Astronomy - June 2015

(Jacob Rumans) #1


reen lasers may
have replaced tele-
scopes as the most
common item in
the astro toolkit.
Their narrow beams are perfect
for pointing out stars.
But there’s a dark side.
Three years ago, a Northern
Californian named Sergio
Rodriguez kept aiming a high-
powered laser at a police heli-
copter. Result: He was recently
sentenced to 14 years in prison.
Of the 17,725 reported U.S.
laser strike incidents from 2005
through 2013, just 134 arrests
have been made, resulting in 80
convictions. But enforcement is
Let’s rewind to the beginning.
In 1957, Columbia University
doctoral student Gordon Gould
figured out a way to make light
waves march in unison, a pos-
sibility predicted a half-century
earlier by Albert Einstein.
Two years later, he coined that
catchy word in his paper: “The
LASER, Light Amplification
by Stimulated Emission of
Radiation.” Bell Labs also was
furiously trying to make pho-
tons pulse in lockstep and, after
building the first usable laser in
1960, began a patent fight that
wasn’t fully resolved for 28 years.
Historians still debate who was
the laser’s inventor.
Nobody foresaw how quickly
this invention would find its way
into daily life or how inexpensive
it would soon become. It took a
mere 14 years for the Universal
Product Code — with its black,
variable-thickness bars — to
be created and agreed upon.


Safety is paramount with these astronomical tools.


Laser crime and



In a little-noticed moment the
same summer Nixon resigned,
the National Cash Register
Company’s test system started
at a Marsh Supermarket in
Troy, Ohio. On June 26, 1974,
at 8:01 a.m., cashier Sharon
Buchanan scanned Clyde
Dawson’s 10-pack of Wrigley’s
gum, and thus began the bar
code. The gum (presumably
unchewed) and the receipt are
on display in Washington, D.C.’s
Smithsonian Institution National
Museum of American History.
Supermarket lasers, like those
in CD players, use about 5 milli-
watts, which is also the legal
power limit for hand-held devices
like lecture pointers. Those in
DVD players use up to 10 mW,

while DVD burners require
100 mW. Lasers in surgery
employ 30,000 to 100,000 mW,
meaning 30 to 100 watts, to
effortlessly cut through flesh.
Everyday 5 mW red lasers
remain the favorite for pointers
and cat toys, and are the least
expensive at a few dollars apiece.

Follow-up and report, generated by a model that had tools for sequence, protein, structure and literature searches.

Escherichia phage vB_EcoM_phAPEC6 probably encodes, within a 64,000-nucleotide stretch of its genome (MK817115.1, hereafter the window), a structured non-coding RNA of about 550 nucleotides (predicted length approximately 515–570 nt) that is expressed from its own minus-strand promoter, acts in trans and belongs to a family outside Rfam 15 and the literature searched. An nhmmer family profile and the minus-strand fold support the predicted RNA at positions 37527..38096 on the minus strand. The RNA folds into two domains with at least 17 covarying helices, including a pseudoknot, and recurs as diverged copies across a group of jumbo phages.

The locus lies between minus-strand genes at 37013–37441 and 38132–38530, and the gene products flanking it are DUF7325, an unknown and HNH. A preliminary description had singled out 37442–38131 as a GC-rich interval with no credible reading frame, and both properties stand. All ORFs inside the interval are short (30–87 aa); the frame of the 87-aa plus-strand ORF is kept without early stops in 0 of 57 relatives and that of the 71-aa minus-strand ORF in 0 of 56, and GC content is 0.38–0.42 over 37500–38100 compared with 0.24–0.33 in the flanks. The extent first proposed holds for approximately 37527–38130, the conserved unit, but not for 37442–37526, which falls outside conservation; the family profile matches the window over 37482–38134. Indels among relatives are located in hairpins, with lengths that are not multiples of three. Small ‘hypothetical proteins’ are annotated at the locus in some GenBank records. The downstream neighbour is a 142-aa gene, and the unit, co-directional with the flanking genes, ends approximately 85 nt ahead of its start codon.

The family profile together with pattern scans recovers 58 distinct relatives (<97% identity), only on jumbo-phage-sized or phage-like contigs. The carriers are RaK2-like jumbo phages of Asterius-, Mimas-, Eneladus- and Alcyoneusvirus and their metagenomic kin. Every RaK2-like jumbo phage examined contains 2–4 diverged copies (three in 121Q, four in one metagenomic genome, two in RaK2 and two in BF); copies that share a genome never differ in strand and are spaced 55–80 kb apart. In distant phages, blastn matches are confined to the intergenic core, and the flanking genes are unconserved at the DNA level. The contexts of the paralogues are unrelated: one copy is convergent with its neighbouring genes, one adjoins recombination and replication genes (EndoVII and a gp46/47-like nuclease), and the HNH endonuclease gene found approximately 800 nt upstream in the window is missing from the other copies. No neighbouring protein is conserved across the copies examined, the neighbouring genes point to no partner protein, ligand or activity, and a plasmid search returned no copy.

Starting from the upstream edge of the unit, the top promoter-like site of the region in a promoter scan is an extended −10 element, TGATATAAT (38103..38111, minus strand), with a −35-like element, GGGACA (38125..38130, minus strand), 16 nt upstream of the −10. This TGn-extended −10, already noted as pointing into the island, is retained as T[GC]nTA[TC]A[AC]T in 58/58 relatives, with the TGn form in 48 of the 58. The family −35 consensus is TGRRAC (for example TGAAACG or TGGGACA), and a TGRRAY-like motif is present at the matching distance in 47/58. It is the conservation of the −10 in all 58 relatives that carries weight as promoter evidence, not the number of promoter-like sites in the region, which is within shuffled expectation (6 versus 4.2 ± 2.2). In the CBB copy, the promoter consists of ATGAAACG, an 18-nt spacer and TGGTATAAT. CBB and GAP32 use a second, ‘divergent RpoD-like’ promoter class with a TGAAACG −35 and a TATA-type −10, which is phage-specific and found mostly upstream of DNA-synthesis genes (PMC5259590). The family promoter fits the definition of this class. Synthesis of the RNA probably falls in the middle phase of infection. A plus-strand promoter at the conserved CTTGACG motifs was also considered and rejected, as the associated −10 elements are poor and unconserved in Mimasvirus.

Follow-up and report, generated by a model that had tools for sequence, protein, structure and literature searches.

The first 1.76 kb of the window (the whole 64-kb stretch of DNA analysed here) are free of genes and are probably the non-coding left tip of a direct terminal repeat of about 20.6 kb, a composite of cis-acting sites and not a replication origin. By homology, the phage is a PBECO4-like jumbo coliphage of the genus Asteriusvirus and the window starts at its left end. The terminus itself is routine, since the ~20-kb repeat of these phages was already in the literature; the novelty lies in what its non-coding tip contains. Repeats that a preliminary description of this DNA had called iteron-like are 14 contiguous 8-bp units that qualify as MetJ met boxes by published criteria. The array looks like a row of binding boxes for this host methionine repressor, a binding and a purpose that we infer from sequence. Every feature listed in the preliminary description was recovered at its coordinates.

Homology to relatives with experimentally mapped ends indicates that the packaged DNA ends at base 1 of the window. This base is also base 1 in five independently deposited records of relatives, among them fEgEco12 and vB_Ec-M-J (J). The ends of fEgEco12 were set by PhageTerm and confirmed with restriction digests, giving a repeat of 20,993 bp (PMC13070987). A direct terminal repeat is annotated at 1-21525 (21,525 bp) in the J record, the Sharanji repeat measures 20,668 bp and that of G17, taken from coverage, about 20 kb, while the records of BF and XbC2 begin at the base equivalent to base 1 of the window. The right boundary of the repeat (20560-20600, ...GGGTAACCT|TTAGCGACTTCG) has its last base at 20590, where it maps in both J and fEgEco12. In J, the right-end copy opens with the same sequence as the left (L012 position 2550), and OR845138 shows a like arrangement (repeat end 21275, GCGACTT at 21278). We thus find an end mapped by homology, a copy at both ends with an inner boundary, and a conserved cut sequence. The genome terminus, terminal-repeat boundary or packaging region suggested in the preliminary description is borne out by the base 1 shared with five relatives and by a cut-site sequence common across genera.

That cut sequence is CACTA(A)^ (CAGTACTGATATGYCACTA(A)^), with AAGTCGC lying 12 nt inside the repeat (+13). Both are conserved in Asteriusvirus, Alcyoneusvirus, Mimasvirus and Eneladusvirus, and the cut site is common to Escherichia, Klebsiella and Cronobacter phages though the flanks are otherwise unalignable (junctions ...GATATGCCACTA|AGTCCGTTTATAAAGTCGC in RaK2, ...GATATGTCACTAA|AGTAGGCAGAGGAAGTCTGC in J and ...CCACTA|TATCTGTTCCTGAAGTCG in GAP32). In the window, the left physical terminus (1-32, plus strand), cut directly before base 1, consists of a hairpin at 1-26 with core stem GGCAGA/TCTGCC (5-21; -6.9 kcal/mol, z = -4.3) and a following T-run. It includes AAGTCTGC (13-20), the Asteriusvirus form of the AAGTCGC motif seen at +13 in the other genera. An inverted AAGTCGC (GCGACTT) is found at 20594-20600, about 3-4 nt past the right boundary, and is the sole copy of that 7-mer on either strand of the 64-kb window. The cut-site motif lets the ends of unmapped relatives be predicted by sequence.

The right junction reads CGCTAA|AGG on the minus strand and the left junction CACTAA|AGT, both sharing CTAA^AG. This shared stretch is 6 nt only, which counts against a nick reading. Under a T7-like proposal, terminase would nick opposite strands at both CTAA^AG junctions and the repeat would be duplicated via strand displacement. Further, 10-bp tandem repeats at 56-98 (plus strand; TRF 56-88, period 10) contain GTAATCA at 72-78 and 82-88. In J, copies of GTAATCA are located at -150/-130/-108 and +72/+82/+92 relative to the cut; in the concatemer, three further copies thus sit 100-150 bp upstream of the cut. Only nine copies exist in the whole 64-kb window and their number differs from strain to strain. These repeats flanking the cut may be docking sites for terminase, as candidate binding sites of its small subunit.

But they don’t create a visible
beam in the night sky. That’s
because their linearly polarized
emissions can’t efficiently illumi-
nate airborne dust or tiny water
drops. For a visible ray, you need
a green laser or one of the newer
blue ones, which are all circularly
polarized. Because green is per-
ceived far more readily than any
other color, it’s the only one that
can create a visible beam using

the lawful 5 mW. In bright moon-
light or in light-polluted cities, a
boosted-up 30 mW green laser
is desirable for a sharp beam,
though it cannot legally be mar-
keted as a pointer.
These require prudence.
While no confirmed retinal dam-
age from a 5 mW red laser exists,
the higher-power green models
carry a definite risk to vision.
But dangerous or not, lasers are
important astronomy tools.

The Apollo 11, 14, and 15
crews each left corner cubes on
the Moon that bounce light back
toward its source like ref lective
highway signs. The Apollo 15
array is particularly huge and
effective. Several observatories,
like New Mexico’s APOLLO,
routinely send laser pulses moon-
ward to precisely measure the
2½-second round-trip travel time.
It’s tricky because even a laser
beam spreads out. A laser spot on
the Moon is just over a mile wide.
In this 1.8-kilometer circle, only
one laser photon in 30 million
manages to hit a cube. Then only
one in 30 million of the return-
ing photons reaches the detecting
telescope. You’d think the mod-
est 2.3W laser couldn’t possibly

be successful. But it is. Results
provide confirmation of grav-
ity’s stability. They also reveal
that the Moon spirals away from
us at the rate of 1.5 inches (3.
centimeters) per year.
The past decade has seen
a huge increase in the sale of
ever more powerful models
with teen-friendly names like
Spyder and Krypton. Recently,
I tried out my friend Matt’s new
green and violet lasers. One
was a 1,000 mW model — a
full watt. It instantly popped
dark-colored balloons. Fun!
But imagine what it would do
to your retina. The mere ref lec-
tion is hazardous, especially
after hitting chrome or glass.
Without much thought to
the consequences, some point
lasers at aircraft. I myself have
been struck while piloting my
plane at night. No one has yet
been permanently blinded, but
commercial pilots have been
incapacitated for hours.
Bottom line: Please be care-
ful. We don’t want the govern-
ment banning green lasers.
Keep beams far from planes.
You wouldn’t enjoy living in a
prison, given its light-polluted
rec yard.


Contact me about
my strange universe by visiting


What’s your sign?
I enjoyed reading Stephen James O’Meara’s column in the
March issue (p. 16). I am one of the Sagittarians born under
Ophiuchus (December 16). I had been unaware of the distinc-
tion and had always considered myself the former. Although
I never placed any credence in the pseudo-science of astrol-
ogy, there were often believers I’d meet through the years who
would ask, “What’s your sign?” As a mailman for 33 years, I
would playfully answer, “My sign is ‘Beware of Dog.’ ” More
recently, I like to tease astrologers by answering “Ophiuchus.”
Usually they’ve never heard of it, and I get to explain what that
means. Thanks to you, I can show them a copy of your column,
too! — Gary Cronin, West Babylon, New York

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